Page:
If you don't hire an attorney, at your arraignment, the state will announce whether or not it intends to charge you with a DUI. If they do decide to charge you, they will also inform you of the exact charge against you (1st-time DUI, DUI with property damage, and so on). After hearing the charge, you have the opportunity to plea guilty or not guilty. If you plead not guilty, the court will arrange another court date called a "case management" or "pre-trial conference" time. If you plead guilty, you will be sentenced, which would go into effect immediately. It's inadvisable to plead guilty at an arraignment, especially if you're only representing yourself.

Preliminary Hearing

A preliminary hearing happens before formal charges are filed. They can either be for adversarial hearings or bond hearings. Both can influence bond amounts, but an adversarial hearing deals more directly with preventing a charge being filed. Bond hearings can be done at any time, and their purpose is to secure the accused's release from jail.

Pre-Trial Motions

Pre-trial motions are one of the most important parts of the DUI process. It's through motions that many cases are lost or won. These occur prior to trial and can sometimes be used as leverage to get a better deal for the accused. Motions are set to sort through evidence and establish the boundaries of the case. The 4 most popular are the motion to dismiss, motion to suppress, motion to compel, and the motion in limine.

Plea Bargain

Another way to avoid going to trial is plea bargaining. About 90% of cases are resolved through plea bargaining in the criminal justice system. If an attorney enters into plea negotiations, they are asking the state to make the best deal possible in order to avoid trial. Attorneys usually do this by talking directly to the prosecutor and showing mitigating factors. If the prosecutor is unwilling to make a bargain, your lawyer can ask the judge to get involved in the negotiation.


If you go to trial, a jury determines whether or not you are guilty. This can be a lengthy process, as the both attorneys need to select individuals to serve on the jury. After the jury has been determined, both lawyers must make opening statements, and each side gets to put witnesses on the stand and present evidence. The opposition also gets to cross-examine the witnesses. Each attorney will also make closing arguments, after which the jury will take the time to make a decision. If they determine you are not guilty, you are free to go. If they decide you are guilty, you will be sentenced.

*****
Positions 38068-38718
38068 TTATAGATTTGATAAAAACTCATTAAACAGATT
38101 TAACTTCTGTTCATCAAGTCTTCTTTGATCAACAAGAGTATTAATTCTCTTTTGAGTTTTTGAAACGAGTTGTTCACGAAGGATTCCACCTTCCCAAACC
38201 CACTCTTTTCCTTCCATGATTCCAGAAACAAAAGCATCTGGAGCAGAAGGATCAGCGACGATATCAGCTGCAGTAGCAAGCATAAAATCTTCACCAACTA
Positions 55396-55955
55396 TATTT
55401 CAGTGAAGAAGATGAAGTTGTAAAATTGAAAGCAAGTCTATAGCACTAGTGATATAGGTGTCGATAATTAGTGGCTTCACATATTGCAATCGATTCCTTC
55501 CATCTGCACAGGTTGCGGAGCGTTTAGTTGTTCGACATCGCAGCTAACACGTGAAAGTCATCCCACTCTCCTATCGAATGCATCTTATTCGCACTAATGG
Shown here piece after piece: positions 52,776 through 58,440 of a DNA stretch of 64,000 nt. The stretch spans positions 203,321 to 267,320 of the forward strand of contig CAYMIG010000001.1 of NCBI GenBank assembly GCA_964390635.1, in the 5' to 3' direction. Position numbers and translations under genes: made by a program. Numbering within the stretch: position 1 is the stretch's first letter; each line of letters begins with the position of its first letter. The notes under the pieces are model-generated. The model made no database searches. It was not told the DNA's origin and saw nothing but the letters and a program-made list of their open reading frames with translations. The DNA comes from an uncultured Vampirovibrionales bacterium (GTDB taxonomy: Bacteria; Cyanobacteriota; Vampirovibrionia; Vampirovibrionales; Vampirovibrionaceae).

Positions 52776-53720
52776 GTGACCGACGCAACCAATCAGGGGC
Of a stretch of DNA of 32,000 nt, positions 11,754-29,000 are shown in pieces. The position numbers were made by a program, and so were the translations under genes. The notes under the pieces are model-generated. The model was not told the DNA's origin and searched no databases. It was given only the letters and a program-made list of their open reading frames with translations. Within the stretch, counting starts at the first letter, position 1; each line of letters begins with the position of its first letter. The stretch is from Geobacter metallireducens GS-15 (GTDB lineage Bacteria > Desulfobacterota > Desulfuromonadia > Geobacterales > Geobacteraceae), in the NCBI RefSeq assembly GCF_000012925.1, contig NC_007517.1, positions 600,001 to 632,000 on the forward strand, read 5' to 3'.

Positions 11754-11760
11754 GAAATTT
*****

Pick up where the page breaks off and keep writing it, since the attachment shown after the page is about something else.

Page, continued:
Your lawyer can help you appeal the court's decision if you both feel something was not done correctly in the case. A higher court will review your record and determine if there are any errors. If they find mistakes that are bad enough, the higher court will direct the lower court to correct it by dismissing your case or restarting proceedings.


If you are found guilty, there may be minimum sentences for DUI, particularly if this is a subsequent charge. Fines and jail time is a possibility, as well as license suspension, community service, and potentially the installation of ignition interlock device (IID) in your car. The punishments for DUI can be particularly severe. Make sure you have an experienced DUI attorney on your side throughout the process in order to get your best chance of avoiding jail time and high fees.

If you want to get your case reviewed, talk to one of our experienced Florida DUI attorneys at Musca Law. We have more than 100 years of collective legal experience to offer you. Contact us at (888) 484-5057 or fill out our online form to schedule a free case consultation today. We look forward to protecting your rights and freedom.